January 22, 2007

Lips Stuck On A Pig

lipstuck_on_a_pig.jpg

If you're really, irrationally attached to your Denny's Extreme Slam breakfast with the all-bacon option, I suggest avoiding this BoingBoing roundup of the evils of the industrial hog farming world.

Also don't read if you're really, irrationally attached to your North Carolina riversful of hog feces.

But let's face it; I was just looking for an excuse to post this photo.

Big Factory Pig Farms Are Some Of America's Worst Polluters [boingboing]

5 Comments

Reading articles like that and becoming a vegan is the easy way out. It's reading those articles and keeping your status an omnivore that's a challenge.

There are some legitimate criticisms of the industrial production of pork in the article. I find the extent of the sensationalism in the article hard to stomach, however.

As one of my first jobs out of college I was a consultant. One of my early gigs was collecting a massive amount of data on public records of a large sample of agrarian pollution discharge incidents. This involved going to a number of state departments of the environment and summarizing documents about discharges from ag facilities (dairies, feed lots, hog farms, broiler houses, egg farms, etc.) Many of the spills were for less than 5-10 gallons of discharge. Rarely was a discharge large enough to kill fish. If it did, the farms were fined and, in some cases, shut down. The boing boing article says these lagoons can discharge when there is light rain. That is not at all true. They smell like shit and are ugly as hell, but the article makes it sound like they are just unmanaged holes of shit. In many states a farmer can get fined for not having their lagoon low enough going into the fall. They can't spread manure on fields in the winter so they have to be able to hold many months of waste in their lagoon. The state environ folks can fine the farmers for not being ready for fall rains. This is just one example of many cases in the article where the facts were highly misconstrued for sensational value.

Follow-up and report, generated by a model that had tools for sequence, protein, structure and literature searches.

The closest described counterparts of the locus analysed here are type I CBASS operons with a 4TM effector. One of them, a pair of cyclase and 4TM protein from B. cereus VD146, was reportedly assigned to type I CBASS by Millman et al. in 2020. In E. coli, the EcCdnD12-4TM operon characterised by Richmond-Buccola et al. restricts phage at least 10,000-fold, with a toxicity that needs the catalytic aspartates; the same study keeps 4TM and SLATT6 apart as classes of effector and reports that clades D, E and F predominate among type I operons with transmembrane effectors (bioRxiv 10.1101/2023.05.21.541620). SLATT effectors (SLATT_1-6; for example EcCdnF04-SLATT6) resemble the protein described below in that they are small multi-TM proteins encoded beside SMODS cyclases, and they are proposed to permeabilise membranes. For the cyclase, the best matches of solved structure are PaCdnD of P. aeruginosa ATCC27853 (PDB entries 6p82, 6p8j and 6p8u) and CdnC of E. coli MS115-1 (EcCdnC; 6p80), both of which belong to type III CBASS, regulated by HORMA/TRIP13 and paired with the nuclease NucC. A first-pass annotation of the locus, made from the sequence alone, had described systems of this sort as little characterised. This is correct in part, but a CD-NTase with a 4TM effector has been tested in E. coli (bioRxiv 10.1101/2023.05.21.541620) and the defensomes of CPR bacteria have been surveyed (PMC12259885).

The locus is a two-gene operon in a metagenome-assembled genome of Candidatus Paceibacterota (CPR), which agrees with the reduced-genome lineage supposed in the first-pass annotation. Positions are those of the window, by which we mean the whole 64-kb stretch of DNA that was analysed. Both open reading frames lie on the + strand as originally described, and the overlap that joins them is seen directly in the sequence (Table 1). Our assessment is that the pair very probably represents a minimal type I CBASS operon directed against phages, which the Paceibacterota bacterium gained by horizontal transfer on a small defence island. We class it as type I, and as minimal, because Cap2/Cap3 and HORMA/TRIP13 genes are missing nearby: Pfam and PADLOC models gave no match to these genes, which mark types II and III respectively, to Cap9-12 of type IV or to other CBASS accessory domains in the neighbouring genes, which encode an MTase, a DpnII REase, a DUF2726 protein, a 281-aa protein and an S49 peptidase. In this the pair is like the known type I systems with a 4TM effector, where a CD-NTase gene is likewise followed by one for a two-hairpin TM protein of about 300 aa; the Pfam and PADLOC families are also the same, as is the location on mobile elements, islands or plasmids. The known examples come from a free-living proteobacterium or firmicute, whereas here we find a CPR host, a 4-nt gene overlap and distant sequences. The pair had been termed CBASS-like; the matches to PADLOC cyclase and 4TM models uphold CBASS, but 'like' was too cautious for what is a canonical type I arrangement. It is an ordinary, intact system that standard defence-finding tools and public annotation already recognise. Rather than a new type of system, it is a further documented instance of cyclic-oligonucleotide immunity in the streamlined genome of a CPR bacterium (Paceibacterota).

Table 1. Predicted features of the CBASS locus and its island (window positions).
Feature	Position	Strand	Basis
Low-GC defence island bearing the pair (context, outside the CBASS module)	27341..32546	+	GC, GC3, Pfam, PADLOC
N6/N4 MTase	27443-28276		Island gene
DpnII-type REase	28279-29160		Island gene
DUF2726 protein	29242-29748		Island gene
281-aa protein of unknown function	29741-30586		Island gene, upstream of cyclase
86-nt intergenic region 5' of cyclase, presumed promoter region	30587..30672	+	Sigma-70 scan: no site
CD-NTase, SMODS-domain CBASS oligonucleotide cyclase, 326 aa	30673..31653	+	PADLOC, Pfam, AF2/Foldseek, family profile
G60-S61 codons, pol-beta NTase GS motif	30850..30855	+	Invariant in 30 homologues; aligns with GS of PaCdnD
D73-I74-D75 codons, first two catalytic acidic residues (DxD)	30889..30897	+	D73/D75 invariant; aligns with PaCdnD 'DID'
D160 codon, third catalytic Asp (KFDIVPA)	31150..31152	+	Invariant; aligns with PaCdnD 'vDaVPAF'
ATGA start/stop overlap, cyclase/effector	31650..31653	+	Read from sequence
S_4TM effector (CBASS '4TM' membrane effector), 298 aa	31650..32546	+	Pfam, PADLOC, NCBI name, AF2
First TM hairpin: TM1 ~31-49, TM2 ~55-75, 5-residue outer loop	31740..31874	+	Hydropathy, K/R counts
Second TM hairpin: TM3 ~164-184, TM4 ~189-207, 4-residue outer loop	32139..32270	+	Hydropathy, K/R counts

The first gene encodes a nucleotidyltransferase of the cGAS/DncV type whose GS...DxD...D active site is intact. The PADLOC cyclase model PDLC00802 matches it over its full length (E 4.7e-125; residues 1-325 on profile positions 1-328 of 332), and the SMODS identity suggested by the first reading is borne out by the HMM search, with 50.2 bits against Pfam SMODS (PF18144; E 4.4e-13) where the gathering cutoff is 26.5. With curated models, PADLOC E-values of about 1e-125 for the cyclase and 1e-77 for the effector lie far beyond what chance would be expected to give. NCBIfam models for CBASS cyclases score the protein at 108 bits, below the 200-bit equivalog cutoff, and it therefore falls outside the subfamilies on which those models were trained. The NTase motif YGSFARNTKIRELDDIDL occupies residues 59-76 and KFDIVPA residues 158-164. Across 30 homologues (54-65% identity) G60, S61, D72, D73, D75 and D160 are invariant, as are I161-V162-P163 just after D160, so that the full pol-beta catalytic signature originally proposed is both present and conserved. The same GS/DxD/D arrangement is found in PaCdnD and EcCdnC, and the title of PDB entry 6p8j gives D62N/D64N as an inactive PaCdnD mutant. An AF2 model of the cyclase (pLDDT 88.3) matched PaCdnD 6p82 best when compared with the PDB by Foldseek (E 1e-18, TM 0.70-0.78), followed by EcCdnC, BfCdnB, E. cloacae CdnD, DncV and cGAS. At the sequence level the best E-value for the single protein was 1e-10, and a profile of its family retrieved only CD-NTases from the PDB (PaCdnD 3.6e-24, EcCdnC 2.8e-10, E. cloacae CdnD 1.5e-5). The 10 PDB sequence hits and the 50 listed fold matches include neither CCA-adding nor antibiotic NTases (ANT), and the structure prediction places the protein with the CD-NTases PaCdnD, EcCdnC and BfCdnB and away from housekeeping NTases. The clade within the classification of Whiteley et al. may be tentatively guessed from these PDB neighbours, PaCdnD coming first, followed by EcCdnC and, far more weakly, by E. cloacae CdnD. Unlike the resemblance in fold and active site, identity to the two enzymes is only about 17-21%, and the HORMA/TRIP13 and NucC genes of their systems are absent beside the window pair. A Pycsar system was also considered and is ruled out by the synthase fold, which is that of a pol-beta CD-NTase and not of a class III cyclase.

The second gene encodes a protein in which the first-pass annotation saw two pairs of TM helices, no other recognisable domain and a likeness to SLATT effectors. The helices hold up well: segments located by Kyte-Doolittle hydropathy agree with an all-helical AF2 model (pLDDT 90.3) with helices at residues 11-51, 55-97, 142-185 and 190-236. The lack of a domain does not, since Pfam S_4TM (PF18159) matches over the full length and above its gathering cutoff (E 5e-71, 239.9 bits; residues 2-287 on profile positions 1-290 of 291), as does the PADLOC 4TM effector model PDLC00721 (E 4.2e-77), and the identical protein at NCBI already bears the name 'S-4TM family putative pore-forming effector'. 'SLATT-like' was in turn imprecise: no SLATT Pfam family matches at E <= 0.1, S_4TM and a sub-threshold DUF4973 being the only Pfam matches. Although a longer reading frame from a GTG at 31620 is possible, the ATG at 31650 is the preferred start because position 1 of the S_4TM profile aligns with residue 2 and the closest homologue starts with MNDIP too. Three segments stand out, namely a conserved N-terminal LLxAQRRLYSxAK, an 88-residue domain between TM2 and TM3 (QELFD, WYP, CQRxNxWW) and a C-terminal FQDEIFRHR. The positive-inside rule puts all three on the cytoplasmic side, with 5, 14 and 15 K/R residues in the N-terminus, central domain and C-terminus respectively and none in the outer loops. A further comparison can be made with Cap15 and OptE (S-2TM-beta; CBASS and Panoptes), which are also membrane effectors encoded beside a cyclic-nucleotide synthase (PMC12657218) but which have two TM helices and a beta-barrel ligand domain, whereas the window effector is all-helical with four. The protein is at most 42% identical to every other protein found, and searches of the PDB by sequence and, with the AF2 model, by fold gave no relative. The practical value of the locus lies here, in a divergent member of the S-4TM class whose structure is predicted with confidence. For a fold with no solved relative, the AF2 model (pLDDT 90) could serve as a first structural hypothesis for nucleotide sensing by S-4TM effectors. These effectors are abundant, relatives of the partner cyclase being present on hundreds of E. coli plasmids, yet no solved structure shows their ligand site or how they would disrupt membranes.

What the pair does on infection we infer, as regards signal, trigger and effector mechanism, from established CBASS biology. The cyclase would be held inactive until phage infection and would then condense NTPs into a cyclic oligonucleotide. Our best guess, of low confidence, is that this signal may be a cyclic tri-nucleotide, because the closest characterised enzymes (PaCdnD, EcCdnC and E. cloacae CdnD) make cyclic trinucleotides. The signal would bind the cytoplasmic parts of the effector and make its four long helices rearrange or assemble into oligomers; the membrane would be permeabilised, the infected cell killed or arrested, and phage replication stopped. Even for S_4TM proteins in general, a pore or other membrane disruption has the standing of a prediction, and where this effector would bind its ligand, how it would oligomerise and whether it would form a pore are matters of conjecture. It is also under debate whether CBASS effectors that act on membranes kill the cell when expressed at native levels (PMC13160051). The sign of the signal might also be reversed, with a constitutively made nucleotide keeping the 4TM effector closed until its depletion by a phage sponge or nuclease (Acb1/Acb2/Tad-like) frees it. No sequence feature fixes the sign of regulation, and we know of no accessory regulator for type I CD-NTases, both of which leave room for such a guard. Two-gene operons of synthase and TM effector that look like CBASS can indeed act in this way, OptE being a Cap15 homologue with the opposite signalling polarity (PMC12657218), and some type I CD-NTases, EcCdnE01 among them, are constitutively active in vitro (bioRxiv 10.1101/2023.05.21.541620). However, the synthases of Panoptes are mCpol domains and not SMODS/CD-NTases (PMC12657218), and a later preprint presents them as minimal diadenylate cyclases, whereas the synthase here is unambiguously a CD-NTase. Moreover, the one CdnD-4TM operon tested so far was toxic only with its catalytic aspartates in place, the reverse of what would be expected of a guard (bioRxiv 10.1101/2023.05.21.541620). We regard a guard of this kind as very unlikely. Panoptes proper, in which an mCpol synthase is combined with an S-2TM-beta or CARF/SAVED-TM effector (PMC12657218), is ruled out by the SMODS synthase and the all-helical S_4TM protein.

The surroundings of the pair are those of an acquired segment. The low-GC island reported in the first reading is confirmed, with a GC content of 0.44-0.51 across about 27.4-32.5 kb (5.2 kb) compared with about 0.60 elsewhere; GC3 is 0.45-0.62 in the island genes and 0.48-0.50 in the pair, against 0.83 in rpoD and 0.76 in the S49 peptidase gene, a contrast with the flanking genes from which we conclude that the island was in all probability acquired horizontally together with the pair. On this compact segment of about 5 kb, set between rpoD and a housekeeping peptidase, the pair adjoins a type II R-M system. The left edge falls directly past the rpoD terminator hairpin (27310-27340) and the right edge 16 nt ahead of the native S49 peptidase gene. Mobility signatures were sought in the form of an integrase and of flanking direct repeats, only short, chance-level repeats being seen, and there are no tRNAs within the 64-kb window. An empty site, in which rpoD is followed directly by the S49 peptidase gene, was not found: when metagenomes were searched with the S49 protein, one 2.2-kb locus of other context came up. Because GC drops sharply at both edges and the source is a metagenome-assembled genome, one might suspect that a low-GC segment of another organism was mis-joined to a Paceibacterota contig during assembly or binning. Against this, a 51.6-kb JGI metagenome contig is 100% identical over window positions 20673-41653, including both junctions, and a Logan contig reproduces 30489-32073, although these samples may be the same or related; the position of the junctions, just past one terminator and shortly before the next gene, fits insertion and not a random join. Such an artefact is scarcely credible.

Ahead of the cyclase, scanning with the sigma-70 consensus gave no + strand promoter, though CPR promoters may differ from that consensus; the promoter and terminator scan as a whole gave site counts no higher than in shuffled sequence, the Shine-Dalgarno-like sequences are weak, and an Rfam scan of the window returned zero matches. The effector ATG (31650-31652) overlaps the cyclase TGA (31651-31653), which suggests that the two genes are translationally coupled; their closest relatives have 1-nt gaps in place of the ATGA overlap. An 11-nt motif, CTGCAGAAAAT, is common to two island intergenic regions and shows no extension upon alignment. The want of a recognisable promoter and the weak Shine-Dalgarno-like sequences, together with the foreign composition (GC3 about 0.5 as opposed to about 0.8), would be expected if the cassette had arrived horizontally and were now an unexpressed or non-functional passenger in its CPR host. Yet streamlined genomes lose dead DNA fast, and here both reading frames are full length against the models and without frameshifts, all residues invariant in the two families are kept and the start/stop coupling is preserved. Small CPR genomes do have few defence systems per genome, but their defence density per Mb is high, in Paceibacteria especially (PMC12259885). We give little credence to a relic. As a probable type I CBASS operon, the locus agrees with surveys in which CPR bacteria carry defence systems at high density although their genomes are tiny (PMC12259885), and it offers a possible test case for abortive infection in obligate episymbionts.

I really wish the article had focused in on the issues without throwing so much drama into the air. There are things to be concerned about and there is value on proper regulation and supervision. But making extreme claims and using rare examples to represent the average is manipulative and dishonest.

-JD

[there are some sensationalistic elements to the report, no doubt. Even moreso in the BB reader add-ons. I believe that's where the term 'vegangelical' comes from. But the environmental damage caused by Hurricane Floyd hitting a stateful of hog lagoons is not open for debate. And the industry is only too happy to accept occasional fines under the current regulatory standards; meanwhile, they lobby and litigate against any new regulation on state or federal levels. here's PBS Newshour's report from 2004 about the current administration's industry-requested footdragging with the EPA. The argument not current regulations are tough enough has to be weighed against 6+ years of the current regulatory/enforcement environment that has been kissing industry ass at every opportunity. And before you dismiss this as just Bush paranoia, remember that NC made its smelly bed in 1992 when it elected an actual hog farmer to the US Senate. -ed.]

I really don't want to read it. I love my bacon.

But... what flickr nutjob let their kid get all up in that pig's bizness?

Andy, good point on the piggy bizness. That kid is licking that hog. Damn. That's nasty, and I don't mean in a good way.

Greg, very articulate ed comments on the bottom of my post. You really should consider penning a "thinking dad's thoughts on pig production." Your thinking seems clear, your points valid, and you seem less fanatical.

-JD

[and on top of all that, I'll still probably keep my all-Bacon option at Denny's going, so go figure... -ed.]

That picture made me think of Pulp Fiction...PIGS!

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